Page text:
Mom, I miss you

Mom, I miss you

You may have noticed I don’t write a lot about my mom. It’s not because I have nothing to say. It is probably more because I have a lot to say, but feel uncomfortable saying it. It makes me sad to talk about my Mom, the person she is today and to remember my Mom of yesterday. Maybe I partially fear your judgement of the things I feel. No. That isn’t entirely accurate. I suppose I fear my own judgement on how I feel. I feel such saddness and anger when I think about what has happened to her. Then, I feel guilty about any negative feelings. So, I guess that causes me to worry that because I judge myself so harshly when it comes to these feelings, perhaps you will too.

Growing up, my Mom was my best friend. When other teenage girls were rolling their eyes at their Moms and fighting with them endlessly, I was going to movies with mine and shopping with her. She made me laugh more than anyone could. My friends adored her. There were times I wondered if they called the house to talk to me or to talk to her. (Sometimes, they’d admit, there were times that they just wanted to talk to her.) If you ever met my Mom, you loved her. It is as simple as that. To know her truly was to love her. There was just something about her that drew people in and made them feel at ease with her.

Mom and I talked openly about everything. She was relaxed over issues that other moms maybe weren’t. (Sidenote on this. I was an A student. And an occasional B popped in there now and again, but school was never a problem for me. So, on those occasions I wanted to take a break, I took it. When the end of school rolled around my senior year, there were some papers to be signed about graduation and such. When she went to sign them, I freaked. “No! Mom you can’t sign that!” She of course replied, “Why in the world can’t I?” So, I told her “Because I have been writing my own notes for years. If you sign it, they will think it is a forgery!” Did she freak? No. But I still haven’t heard the end of it. See. She knew I had school under control and it was past anyway.)

In the late 80’s (shortly after I became engaged), Mom was diagnosed with Multiple Sclerosis. It was a blow to her and to the whole family. How could we not know that this was in her body fighting her everyday? How could someone so full of life have a chronic disease? It wasn’t something we could wrap our minds around. I think that on some levels we accepted most of the physical limitations that would occur with MS. (Or at least, I tell myself that I would be fine with that.) But, you see, Mom is in one of the minority percentages of people suffering from MS (5-10%) whose cognitive functions are severly impaired. Basically, she is not the woman she used to be. She cannot function mentally like she once did. It is as if her entire personality was wiped out and in it’s place came an angry, confused child. (I am not being mean here. I struggled to find the right words to describe it. That is the best I can do. So much for being a writer.) The Mom I grew up with is gone. The woman who is here is someone that I am struggling to know and love like I should. And it breaks my heart. Daily. I cry when I try to talk to her about real issues and all I get back is an empty stare. For that matter, it breaks my heart when I try to talk to her about anything and her only response is either confusion or bitterness towards MS. Yes, some of it is depression, but most of it is the way MS has damaged her brain. My “Mommy” that I was best friends with is there to an extent, but I haven’t seen her in years.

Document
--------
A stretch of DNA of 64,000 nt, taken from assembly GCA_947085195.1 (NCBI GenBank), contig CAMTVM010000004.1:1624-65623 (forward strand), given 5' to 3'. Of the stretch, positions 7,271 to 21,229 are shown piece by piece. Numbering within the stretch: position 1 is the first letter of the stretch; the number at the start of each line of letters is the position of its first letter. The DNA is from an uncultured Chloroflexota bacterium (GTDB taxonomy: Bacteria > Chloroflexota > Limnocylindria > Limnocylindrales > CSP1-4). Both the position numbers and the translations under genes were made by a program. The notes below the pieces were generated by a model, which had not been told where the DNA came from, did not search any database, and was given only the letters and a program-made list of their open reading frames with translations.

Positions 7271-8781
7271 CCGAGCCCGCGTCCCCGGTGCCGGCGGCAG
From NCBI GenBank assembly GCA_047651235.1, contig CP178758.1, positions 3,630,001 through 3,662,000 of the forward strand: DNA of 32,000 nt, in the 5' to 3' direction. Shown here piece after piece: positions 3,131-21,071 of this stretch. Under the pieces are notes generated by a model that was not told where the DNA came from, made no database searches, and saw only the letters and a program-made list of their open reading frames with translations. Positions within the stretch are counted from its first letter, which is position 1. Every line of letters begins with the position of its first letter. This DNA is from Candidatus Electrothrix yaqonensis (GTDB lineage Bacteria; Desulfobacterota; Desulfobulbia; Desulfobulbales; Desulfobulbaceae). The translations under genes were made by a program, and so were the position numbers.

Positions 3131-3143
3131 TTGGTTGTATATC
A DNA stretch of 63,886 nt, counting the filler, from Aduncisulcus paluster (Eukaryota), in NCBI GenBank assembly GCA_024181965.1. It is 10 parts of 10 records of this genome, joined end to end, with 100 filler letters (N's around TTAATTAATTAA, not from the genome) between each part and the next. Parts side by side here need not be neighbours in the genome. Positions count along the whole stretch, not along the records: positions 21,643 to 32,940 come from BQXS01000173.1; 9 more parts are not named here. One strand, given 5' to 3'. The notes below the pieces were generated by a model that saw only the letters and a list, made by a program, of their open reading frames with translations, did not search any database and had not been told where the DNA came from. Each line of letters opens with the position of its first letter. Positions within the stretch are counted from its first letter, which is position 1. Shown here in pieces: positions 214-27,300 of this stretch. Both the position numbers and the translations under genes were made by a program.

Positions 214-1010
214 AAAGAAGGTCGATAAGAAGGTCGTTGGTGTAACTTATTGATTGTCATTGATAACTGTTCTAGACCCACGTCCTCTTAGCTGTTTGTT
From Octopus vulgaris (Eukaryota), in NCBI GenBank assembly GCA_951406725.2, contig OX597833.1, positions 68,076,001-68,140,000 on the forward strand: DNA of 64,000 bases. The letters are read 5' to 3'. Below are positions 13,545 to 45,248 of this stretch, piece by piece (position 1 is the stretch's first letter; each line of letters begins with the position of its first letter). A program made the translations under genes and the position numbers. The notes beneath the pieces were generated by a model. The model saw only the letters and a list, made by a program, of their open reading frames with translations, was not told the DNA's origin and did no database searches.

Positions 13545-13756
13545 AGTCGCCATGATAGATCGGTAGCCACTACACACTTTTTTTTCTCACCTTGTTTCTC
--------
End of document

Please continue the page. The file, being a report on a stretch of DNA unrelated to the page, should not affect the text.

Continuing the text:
Ever since I had children, I have longed to be close to have a “mother-figure” and be able to turn to her to share the trials of motherhood with. I wasted too much time with my mother-in-law and now she is gone. I never imagined in a million years I would be so alone in motherhood. I find myself longing for older women in my life. Someone that I can cry to when I need a mom. I find myself reaching out to women who are older than me in subtle ways, yet the longing to fill that void is overwhelming.

I suppose it just really hits me hard when I am at home with her. I sat with her yesterday and was talking about how freaked out I am about my current situation and how scared I was. I talked about the fact that we weren’t moving and how hard the kids were taking it. I cried with worry over the things my boys have said about how they feel. I wanted to badly to be the little girl and have her tell me it would be okay. I wanted to put my head in her lap and have her stroke my hair like when I was a little girl and to feel that it would truly be okay. However, after I finished talking and was trying to dry my tears, she looked me in the eye and said, “So when are you moving down here?” It was as if she heard nothing. Like she couldn’t understand what I was saying. Somehow, she just couldn’t comprehend and process it.

And my heart broke.


Comments are closed.